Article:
Your network security and risk management strategies have to account for a complex and constantly changing IT environment. Understanding the key identity and access metrics helps you incorporate effective identity access management throughout your organization. These metrics provide valuable insight into the devices connecting to the network, the amount of inactive user accounts, which users have high-level privileges, the frequency of password changes, and whether there are issues with account access.
1. Number of Devices Actually Connected to the Network
It's common for many workplaces to have bring your own device (BOYD) policies, or to have employees who choose to use personal devices with or without a BYOD policy. You need to know how many devices are actually connected to the network, as opposed to the company-approved number of devices. These figures don't always match up, and effective identity access management requires working from a complete set of network information. If you're trying to avoid a BYOD network due to the potential risk, this also reveals whether you need to put measures in place to cut down on unauthorized device access.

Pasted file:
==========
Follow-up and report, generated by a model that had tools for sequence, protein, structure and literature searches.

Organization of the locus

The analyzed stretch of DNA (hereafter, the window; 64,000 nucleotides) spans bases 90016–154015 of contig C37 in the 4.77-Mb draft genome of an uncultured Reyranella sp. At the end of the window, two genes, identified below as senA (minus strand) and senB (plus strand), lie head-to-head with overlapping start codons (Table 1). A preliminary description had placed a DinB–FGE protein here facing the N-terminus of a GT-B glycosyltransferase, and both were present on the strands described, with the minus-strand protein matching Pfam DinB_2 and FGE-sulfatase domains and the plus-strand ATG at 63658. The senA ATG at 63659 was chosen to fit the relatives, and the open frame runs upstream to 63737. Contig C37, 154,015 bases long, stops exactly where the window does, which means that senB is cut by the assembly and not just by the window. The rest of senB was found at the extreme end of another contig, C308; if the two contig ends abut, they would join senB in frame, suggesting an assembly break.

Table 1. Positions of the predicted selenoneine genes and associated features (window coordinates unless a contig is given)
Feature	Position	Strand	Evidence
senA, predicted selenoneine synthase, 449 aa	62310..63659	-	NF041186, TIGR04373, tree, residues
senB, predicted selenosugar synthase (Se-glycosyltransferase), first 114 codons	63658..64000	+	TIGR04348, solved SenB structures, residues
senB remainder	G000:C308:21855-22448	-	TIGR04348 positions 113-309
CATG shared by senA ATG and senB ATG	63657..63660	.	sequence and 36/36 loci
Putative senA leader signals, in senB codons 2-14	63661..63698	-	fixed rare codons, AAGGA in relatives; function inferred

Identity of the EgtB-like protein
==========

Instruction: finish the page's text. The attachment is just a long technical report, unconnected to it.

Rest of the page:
2. Administrator Privilege Metrics
Do too many people have access to account privileges they don't really need? Sometimes risk comes from users who have too many privileges, especially if these privileges aren't being tracked. This type of risk can also extend to vendor risk management, if third-party vendors need access to specific network privileges, so take this into account during risk assessment. Track privileged accounts and the amount of active accounts to mitigate the potential for insider threats. Pay attention to whether these accounts use the privileges given, as you may be better off with more user account levels with fewer permissions.
3. Frequency of Password Changes
Frequent password changes help you minimize potential account compromises occurring from data breaches. Track how often password changes occur within your organization, and consider implementing policies that increase the frequency of these changes. This type of policy meshes well with password-creation guidelines or requirements, such as a specific number of special characters in the passwords.
4. Number of Abandoned Accounts
Accounts associated with employees no longer with the organization, as well as temporary access accounts created for vendors and other third-parties, are vectors for potential unauthorized access. Track how many abandoned accounts exist on the network, and keep this number at a minimum.
5. Number of Invalid Login Attempts and Account Lockouts
Watch for invalid login attempts and account lockout numbers. This metric indicates one of two possibilities: either users need better training on account access and password management, or a possible hack attack is occurring.
Need professional risk management consulting to track network identity and access metrics? Contact Garland Heart to get the help you need to improve your risk management.